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Monday, November 17, 2008

University Healthcare at Daybreak

Kennecott Land released a statement today about a new medical care facility that will be built right here in Daybreak. While this facility is not as massive as the hospitals located near the University of Utah or in Murray, the statement indicates that the facility will only be the first phase of a medical “campus” to be built in the coming years as Daybreak is built to completion.

This first phase will feature a 150,000 square ft. building that will be situated on about 10 to 15 acres. To get a perspective of the size of this first facility, the Rio Tinto Corporate Center that presently stands next to Oquirrh Lake is 175,000 square ft. So it will be a little smaller, but not much. Within this space the University plans to incorporate primary and specialty care along with radiology. They will also have a pharmacy and vision care center there as well. Not a bad start to what will be a regional medical center.

Future plans include an expansion of the campus that will take up to 50 acres to be situated near TRAX and the Mountain View Corridor. This future medical campus will include a full-service hospital, surgery and imaging center and an AIRMED base. From my perspective this facility and future campus will be a major boost to Kennecott Land’s Daybreak plans. Having quality medical care nearby is an attractive proposition to the massive demographic wave of baby boomers. These are people who will need medical care close at hand and will move to a neighborhood like Daybreak to be near it. Hundreds of workers will be employed and will be spending their lunch breaks at nearby cafes and might decide that it would be nice to be able to walk to work. While many of the workers will be support staff, other employees will include doctors, nurses, technicians and managers. Professionals that will seek a nice neighborhood nearby to live in.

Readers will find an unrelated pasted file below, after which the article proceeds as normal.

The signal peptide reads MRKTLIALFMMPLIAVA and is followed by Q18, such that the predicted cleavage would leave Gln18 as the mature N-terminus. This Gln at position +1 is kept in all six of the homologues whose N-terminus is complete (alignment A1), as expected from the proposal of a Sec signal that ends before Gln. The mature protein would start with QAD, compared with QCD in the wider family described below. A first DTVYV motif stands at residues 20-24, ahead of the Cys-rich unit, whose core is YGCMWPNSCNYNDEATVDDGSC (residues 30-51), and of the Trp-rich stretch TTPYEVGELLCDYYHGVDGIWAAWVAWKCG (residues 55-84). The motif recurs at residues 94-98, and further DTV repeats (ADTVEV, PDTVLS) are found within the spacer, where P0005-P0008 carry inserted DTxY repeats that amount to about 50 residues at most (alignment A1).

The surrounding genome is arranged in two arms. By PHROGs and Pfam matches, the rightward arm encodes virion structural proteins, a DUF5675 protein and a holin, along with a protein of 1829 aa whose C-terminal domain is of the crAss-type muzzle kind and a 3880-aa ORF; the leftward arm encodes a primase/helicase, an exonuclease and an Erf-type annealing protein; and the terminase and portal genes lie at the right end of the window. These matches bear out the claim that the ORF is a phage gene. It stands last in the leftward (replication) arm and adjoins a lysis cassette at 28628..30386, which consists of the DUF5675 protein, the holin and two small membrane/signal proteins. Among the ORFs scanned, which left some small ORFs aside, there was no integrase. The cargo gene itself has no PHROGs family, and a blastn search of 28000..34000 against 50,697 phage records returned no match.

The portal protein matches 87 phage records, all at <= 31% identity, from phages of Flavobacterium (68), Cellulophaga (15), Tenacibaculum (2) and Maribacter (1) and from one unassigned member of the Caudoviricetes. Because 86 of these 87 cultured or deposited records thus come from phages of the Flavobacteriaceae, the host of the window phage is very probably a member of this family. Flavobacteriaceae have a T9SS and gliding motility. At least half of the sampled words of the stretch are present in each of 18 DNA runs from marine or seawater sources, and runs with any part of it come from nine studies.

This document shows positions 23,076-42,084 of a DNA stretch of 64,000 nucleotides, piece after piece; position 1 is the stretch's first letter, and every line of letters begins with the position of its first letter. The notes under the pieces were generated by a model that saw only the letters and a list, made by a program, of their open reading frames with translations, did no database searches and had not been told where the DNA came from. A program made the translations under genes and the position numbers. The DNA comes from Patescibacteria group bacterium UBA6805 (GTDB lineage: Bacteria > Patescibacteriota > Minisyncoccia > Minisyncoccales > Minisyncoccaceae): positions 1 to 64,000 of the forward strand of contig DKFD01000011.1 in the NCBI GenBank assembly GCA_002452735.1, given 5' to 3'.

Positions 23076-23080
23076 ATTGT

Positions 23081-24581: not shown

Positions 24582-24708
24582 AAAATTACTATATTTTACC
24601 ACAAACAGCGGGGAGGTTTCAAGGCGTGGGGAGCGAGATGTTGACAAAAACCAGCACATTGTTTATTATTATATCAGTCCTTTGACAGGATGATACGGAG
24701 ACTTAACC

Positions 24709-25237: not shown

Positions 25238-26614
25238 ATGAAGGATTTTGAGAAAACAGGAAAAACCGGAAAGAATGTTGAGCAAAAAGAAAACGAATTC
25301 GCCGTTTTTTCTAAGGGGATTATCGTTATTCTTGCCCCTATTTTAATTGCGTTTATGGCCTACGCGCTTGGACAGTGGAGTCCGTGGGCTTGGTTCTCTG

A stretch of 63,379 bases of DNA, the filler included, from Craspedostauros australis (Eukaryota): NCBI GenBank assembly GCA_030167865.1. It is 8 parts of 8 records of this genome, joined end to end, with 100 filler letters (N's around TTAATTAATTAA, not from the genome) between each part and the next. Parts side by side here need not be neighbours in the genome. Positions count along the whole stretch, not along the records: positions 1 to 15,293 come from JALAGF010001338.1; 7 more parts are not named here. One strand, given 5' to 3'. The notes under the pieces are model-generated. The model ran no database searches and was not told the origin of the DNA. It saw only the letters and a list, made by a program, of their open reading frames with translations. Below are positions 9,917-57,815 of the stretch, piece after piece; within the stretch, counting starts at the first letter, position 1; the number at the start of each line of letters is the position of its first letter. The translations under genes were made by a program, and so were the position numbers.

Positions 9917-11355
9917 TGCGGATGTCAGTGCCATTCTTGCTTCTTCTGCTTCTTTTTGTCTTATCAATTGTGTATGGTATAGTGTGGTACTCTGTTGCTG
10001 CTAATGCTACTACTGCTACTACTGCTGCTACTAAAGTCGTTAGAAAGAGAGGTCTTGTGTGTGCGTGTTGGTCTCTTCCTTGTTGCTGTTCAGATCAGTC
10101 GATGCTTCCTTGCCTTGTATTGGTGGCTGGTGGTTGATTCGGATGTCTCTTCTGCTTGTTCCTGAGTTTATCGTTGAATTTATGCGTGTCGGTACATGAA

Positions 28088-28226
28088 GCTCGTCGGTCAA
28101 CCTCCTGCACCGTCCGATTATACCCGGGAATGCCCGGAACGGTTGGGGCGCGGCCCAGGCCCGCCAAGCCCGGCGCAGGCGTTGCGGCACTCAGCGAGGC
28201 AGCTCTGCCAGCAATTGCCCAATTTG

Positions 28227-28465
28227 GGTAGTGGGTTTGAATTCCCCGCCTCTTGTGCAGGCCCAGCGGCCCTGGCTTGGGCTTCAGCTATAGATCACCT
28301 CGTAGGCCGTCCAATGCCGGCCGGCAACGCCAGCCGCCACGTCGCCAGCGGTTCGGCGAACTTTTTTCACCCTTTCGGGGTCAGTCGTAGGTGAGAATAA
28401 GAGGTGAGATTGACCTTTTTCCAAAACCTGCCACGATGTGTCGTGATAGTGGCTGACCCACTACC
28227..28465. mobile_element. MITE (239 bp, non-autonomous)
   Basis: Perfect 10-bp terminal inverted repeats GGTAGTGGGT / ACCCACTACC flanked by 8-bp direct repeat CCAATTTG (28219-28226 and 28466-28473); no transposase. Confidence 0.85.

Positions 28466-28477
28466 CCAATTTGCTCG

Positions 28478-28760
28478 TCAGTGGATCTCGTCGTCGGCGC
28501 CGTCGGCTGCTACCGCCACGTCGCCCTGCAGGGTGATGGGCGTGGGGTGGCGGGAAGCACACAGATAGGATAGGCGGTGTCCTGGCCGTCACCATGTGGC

All of these benefits along with the impact it will have on the local economy and tax base has convinced me that this move is a true stroke of genius by Kennecott Land. However, as I have mentioned in earlier posts, this medical facility will need to be integrated into the community seamlessly. This can be accomplished with good planning and design of which Kennecott Land has certainly demonstrated so far with Daybreak. Hopefully this trend will continue. However, I can’t help but notice a peculiar yet increasingly common sequence of events in this case. First Kennecott donates a mass of money to support the new Utah Museum of Natural History at the University of Utah and now the University plans its new regional care facility to be in Daybreak. Of course we have seen this with many other capital projects in which Rio Tinto has an interest. You scratch my back and I will scratch yours.

Monday, November 3, 2008

East / West Mobility - The 114th South Corridor

If you live in in the Southwestern portion of Salt Lake County (South Jordan, Herriman, Riverton) and commute, then you probably already know how difficult it can be to drive eastward toward I-15 in the mornings and back again after work. This East - West mobility issue has been a problem for decades. While different roads have been widened to help alleviate traffic, it has always been too little to late.

For Daybreak residents, this new corridor will provide a straight line connecting the community to the largest transportation artery in Utah. This aspect of the plan definitely gets a thumbs up from me. However, to accomplish this, we will be displacing long-time residents of South Jordan. That is the price of progress, but I consider it a costly one. While many may argue that building another road is not the answer, I would have to disagree. This simply provides another option and relieves the congestion on 106th and 123rd. This road will accomodate the current population with TRAX and the Mountain View Corridor addressing future population growth.

Construction could begin as early as late November 2008 with a completion date of fall 2010. Construction will widen the road from four lanes to five, add bike lanes and sidewalks as well as a bridge over Union Pacific and Utah Transit Authority tracks near the Jordan River. The road will connect to I-15 using the usual interchange seen on 106th and 123rd.